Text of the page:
Counterparties: The global economy’s Scarlet A

April 30, 2012

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Less than a week ago, we suggested that austerity, Europe’s great experiment in cutting its way out of an economic slump, was coming to an end. Now every bit of economic data, including today’s news that Spain, like the UK, is officially back in recession, seems to come with a gigantic Scarlet A across it.

“The tide appears to be turning” on fiscal austerity, Reuters declares, as European Central Bank President Mario Draghi has called for a “growth compact” to complement the last two years of mass budget cutbacks. The ECB’s internal markets chief agrees and, in characteristically European fashion, is calling for a plan-to-make-a-plan for economic growth.

There’s a flood of anti-austerity op-eds. Larry Summers writes that Europe’s maladies were misdiagnosed: “High deficits are much more a symptom than a cause of their problems,” he argues – and calls for the world to make EU aid contingent on a plan for growth. Mohamed El-Erian slams austerity in Spain, and calls for a focus on both “the deficit containment (numerator) and growth (denominator).” Christina Romer, former top economic adviser to President Obama, argues for a “backloaded consolidation” version of budget cuts in Europe; essentially, spending cuts and tax increases that are slowly implemented as economic growth recovers.

Of course, all of this anti-austerity talk comes much too late. But there’s some reason for optimism: The European Investment Bank may get more funds for real, growth-driving investments. Marc Chandler lays out the early speculation, noting that EIB funds could rise to $264 billion, which could go to infrastructure, technology and renewable energy.

European spending of any kind is politically fraught, and the EIB’s is definitely not a quick fix. Compare, as Reuters did, the EIB’s reported size with the 1 trillion euros created by the ECB to prop up the economy. These are baby steps during a crisis, in other words.

And on to today’s links (scroll down for readers’ suggestions for Occupy Wall Street’s future):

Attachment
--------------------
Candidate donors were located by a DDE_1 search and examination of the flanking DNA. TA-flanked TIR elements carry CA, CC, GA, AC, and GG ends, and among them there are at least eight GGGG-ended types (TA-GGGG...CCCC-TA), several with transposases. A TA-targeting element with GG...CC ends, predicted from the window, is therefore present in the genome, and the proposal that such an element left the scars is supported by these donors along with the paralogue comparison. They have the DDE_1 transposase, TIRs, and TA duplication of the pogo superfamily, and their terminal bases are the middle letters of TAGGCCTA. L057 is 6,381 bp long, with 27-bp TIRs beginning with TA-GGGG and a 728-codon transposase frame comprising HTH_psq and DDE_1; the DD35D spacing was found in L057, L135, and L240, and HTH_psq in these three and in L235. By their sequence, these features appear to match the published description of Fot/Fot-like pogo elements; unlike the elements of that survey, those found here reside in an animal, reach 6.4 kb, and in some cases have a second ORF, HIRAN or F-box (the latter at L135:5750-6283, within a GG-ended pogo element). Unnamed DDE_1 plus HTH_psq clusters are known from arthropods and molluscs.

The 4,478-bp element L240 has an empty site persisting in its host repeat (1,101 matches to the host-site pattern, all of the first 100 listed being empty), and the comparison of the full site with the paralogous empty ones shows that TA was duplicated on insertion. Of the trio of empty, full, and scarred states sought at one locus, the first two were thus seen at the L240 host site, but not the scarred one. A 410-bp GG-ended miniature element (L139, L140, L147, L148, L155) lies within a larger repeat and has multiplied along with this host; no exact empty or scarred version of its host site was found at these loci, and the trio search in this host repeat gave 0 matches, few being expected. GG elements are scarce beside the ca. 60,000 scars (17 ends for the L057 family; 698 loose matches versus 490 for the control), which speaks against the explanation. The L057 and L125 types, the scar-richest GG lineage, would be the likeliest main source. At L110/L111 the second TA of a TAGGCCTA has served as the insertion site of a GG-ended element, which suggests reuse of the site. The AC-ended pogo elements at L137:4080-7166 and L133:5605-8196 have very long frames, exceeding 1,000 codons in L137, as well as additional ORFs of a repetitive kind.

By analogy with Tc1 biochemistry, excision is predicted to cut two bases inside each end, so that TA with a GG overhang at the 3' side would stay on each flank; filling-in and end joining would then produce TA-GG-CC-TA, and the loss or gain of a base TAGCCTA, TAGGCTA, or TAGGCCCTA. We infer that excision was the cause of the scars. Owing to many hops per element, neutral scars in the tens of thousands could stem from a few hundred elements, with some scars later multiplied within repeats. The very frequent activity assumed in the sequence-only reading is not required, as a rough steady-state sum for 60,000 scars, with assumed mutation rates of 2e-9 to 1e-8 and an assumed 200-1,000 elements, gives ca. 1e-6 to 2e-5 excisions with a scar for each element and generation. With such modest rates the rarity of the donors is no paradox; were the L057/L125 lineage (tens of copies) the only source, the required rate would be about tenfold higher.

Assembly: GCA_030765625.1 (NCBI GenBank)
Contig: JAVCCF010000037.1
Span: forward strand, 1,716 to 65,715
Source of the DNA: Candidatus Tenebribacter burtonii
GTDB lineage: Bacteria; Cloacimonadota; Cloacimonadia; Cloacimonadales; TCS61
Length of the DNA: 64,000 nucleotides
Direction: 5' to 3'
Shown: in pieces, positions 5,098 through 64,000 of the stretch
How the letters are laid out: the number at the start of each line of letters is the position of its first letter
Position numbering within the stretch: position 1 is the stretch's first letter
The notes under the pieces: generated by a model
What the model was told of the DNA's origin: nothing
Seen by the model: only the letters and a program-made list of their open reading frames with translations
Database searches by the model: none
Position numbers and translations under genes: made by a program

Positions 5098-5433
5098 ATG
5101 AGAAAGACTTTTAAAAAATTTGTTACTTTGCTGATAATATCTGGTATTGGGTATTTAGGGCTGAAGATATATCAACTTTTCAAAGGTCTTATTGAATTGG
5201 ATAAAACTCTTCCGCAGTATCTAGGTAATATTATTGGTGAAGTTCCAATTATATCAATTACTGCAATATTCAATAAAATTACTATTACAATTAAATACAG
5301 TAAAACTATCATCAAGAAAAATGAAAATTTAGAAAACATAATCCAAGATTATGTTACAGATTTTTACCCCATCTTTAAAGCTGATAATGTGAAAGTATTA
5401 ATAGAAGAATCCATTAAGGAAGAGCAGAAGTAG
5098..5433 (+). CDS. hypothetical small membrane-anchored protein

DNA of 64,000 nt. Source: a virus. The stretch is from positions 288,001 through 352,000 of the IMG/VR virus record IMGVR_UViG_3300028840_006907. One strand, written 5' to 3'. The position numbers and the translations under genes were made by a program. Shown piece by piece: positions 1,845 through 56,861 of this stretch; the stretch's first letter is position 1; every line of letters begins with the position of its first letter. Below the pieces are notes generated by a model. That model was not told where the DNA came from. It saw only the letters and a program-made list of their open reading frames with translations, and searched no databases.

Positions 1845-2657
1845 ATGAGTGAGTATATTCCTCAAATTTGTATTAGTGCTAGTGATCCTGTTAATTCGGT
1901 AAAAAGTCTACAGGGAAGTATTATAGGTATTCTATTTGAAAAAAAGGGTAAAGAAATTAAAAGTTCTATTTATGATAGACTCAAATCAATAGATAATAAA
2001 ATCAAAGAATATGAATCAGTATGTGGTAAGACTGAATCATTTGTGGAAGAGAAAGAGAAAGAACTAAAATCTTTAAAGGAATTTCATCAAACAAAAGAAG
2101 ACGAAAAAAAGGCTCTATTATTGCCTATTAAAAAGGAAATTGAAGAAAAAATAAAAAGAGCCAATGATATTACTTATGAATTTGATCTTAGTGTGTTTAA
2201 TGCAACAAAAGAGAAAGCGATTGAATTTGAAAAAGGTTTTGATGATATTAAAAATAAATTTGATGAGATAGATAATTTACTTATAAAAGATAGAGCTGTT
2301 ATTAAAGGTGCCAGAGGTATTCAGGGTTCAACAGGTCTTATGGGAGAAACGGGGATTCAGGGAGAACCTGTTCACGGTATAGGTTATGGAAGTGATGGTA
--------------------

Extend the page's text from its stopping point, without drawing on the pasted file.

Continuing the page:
Tax Arcana
How Apple sidesteps billions in taxes – NYT

Occupy Wall Street now “fighting the man through the Byzantine regulatory process” – WashPost

Your latest highly levered, possibly Too Big to Fail nonbank entity: Mortgage REITs – Bloomberg

New Normal
Welcome to housing’s “prolonged bottom” – WSJ

Crisis Retro
Dick Fuld, in an email: “The Bros Always Wins” – Dealbreaker

Welcome to Adulthood
Congress is rethinking the idea that student debt should follow you to the grave – WSJ
Dealing with student loans and a mortgage: It really, really sucks – NYT

EU Mess
Spain is the latest European country to fall back into recession – Macroscope
Spain is the new Greece, except possibly worse – EconoMonitor

Microsoft buys a 17.6% stake in Barnes & Noble’s nook unit – NYT
Microsoft enters the e-book wars – Felix

Our depressed fiscal situation in 4 charts – Krugman
2030: The world in 5 graphs – Finance Addict

The “no-revenue formula” for startups is a real, proven strategy that works (for investors) – Nick Bilton
Yes, there’s a tech bubble, but it’s not that simple – Chris Dixon

The Economist‘s exquisitely refined example of “globollocks” – Crooked Timber

Now He Tells Us
Kashkari: America needs to quickly figure out how to help homeowners – WashPost

Madoff trustee’s legal fees are dwarfing the amount he’s recovered for Madoff Victims – Bloomberg

Financial Arcana
Models don’t cause crises, people do. And models help – FT Alphaville

Romney fundraiser a large crowd of “older white people, mostly men” – The Daily Beast

Your Daily Outrage
NYC considering banning Happy Hour, for some reason – NY Post

Old Normal
A map of LA when streetcars, not freeways, dominated – Flickr

#OWS’s Second Act: Your reactions

Last Thursday, ahead of mass protests planned in hundreds cities on May 1, we asked Counterparties readers to tell us the one issue the Occupy Wall Street movement should hang its hat on. We’ve included the best responses below; they’ve been edited for length. We’ll be sending along books from Felix’s desk to the winners!

Bill writes:
It seems pretty clear to me that Occupy should, at least for the moment, sharply focus on student debt and higher education financing. The iron is hot, with the issue in front of Congress right now, so there is an opportunity to push through a substantive political victory that Occupy never quite had during the first go-round…
That victory would also come on an issue that is acutely important to the constituency the movement is clearly going after – if you think back to a year ago, the “stereotypical” protestor was a recent graduate having trouble finding work, and weighed down by immense educational debts… By starting off the season with an issue of much more direct relevance to its strongest constituency, OWS can 1) make a difference, 2) demonstrate its commitment to effecting actual policy change, and 3) in the process, draw the people and positive media coverage that will give it serious political momentum moving forward.